Winter isn’t resting time…it’s planning time in the garden! These are some of the best gardening apps for mapping out a future garden and keeping track of what you’re growing.

Planter

If you’re having difficulty visualizing your garden, you can use Planter to map out where you’ll grow each plant. It has companion planting suggestions, so you get natural pest control without even trying. It also considers your location and tells you when to start your plants indoors, transplant them outside, and when to expect your first and last frost dates.

iScape

Is a large landscape overhaul in your future? iScape is a landscape design app used by landscape professionals and those looking to DIY the work at their own house. One of the app’s coolest features is that you can use pictures of your home and current space and add design elements and plants overtop to visualize how it will look. You can also easily come up with a materials list based on what you’ve inputted.

Gardenize

Garden journals are a very valuable tool to use for beginner and seasoned gardeners alike. You can use the Gardenize App as a virtual journal to store images of your plants to reference how well they’re growing and what to expect in the future. Think of it as a diary with place and time stamps. You can note any changes like weather, fertilizer applications, or other efforts you might be taking.

Gardroid

Gardroid is designed specifically for vegetable growers and small-scale farms. You can use it to find advice on growing and harvesting your vegetables. It lets you plan what you’re growing and gives you specific planting advice. Then, the app gives you an estimated harvest date and lets you make notes and set reminders. It’s a useful tool for beginner vegetable gardeners or those with a lot on their plate.

I like to hand draw my vegetable garden, making a map.

If you struggle with keeping a plant alive, perhaps you need an app to help guide you along the way. These gardening apps are designed to help you keep your plants alive!

Planta

Planta is one of the most successful gardening apps out there that many people love. You can use it for all kinds of things, including plant identification, as a light meter, diagnostic for sick and dying plants, and as a way to set reminders for watering, repotting, fertilizing, and more. It’s a good all-around app to ensure the health of your plant.

From Seed to Spoon

Started by gardening enthusiast and couple Dale and Carrie Spoonemore, the From Seed to Spoon app is designed to help simplify gardening for beginners. It allows you to grow food as easily as possible with personalized planting dates, companion planting suggestions, recipes, harvest dates, and more helpful tips you can use to grow food.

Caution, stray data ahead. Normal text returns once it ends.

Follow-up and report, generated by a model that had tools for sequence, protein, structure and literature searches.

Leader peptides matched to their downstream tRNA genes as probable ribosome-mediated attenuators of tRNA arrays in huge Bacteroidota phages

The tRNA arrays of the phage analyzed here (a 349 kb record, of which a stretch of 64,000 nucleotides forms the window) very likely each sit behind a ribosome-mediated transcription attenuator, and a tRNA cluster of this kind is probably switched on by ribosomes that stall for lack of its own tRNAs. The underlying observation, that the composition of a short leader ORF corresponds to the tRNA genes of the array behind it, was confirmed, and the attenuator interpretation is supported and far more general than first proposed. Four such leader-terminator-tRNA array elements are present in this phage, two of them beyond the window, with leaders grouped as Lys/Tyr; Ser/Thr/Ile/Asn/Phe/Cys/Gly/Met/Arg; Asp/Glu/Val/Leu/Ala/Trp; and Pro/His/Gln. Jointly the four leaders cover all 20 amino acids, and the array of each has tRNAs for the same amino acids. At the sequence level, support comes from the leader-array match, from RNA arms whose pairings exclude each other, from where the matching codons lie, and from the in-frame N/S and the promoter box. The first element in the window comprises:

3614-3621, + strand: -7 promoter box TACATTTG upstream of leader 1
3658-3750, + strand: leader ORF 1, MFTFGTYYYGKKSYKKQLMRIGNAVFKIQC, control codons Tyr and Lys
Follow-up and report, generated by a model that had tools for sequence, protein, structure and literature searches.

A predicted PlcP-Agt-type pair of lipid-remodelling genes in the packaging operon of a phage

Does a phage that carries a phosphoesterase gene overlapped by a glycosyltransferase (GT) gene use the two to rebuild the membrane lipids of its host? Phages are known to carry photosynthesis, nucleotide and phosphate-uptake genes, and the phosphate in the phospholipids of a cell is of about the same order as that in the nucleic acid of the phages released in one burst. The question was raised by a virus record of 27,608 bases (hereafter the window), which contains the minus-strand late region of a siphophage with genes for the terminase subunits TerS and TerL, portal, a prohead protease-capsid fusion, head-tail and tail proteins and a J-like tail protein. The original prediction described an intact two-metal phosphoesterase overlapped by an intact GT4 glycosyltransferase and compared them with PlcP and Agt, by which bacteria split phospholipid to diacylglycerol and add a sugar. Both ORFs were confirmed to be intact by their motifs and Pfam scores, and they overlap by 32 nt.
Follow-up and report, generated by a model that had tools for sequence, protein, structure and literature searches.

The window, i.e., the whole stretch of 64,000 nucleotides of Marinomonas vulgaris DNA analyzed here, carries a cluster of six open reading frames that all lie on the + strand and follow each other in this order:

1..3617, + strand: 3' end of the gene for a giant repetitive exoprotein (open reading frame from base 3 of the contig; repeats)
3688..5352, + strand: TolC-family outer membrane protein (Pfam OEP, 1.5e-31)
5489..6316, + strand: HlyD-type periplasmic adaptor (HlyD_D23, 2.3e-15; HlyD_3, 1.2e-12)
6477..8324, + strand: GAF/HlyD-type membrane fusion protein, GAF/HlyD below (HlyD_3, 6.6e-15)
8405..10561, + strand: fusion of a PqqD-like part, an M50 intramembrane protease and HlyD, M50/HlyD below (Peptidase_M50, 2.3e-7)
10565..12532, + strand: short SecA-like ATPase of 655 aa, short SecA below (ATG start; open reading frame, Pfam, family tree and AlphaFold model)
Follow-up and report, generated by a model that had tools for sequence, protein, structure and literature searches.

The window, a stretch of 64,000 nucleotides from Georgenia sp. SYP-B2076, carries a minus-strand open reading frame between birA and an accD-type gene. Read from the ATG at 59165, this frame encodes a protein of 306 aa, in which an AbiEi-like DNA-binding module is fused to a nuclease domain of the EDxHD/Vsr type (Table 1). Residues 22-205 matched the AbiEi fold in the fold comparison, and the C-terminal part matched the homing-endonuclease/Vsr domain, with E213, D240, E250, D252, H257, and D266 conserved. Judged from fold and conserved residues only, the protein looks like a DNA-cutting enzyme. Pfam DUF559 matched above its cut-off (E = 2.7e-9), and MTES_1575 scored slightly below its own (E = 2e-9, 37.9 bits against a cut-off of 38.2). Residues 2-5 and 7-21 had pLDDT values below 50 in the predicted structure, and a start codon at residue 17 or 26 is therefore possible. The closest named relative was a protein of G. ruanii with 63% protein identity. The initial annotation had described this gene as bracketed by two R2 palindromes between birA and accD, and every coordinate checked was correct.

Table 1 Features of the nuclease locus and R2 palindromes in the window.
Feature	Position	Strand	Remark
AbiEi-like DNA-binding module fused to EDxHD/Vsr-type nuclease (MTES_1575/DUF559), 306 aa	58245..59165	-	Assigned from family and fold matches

Garden Manager

If timing isn’t your forte, Garden Manager can help with just that. This garden alarm app lets you know when to start transplants, thin, harvest, and more based on where you live. It will also help you with your garden layout and make suggestions based on current weather and growing conditions.

Moon and Garden

Did you catch my article on moon gardening? The Moon and Garden app is designed for those who want to garden using the moon as an influence. It gives you suggestions for gardening and timing based on biodynamic agriculture, an alternative gardening method that tells you when to plant, harvest, and put the spade down based on the moon phase.

Are you ever curious about what kind of wildlife is in your yard? With the iNaturalist app, you can record your wildlife observations and share them with fellow gardeners and naturalists to help you identify.  

It’s an app that can also help contribute to biodiversity studies. The app shares the data with organizations to help scientists use the data to understand wildlife numbers and their locations.

In our types of bees post, expert Lori Weidenhammer recommended using the iNaturalist app to help local researchers and scientists know what kind of bees are hanging out where.

And that wraps up my best plant app suggestions for gardeners! Do you use a gardening app not on this list? Share it in the comments below.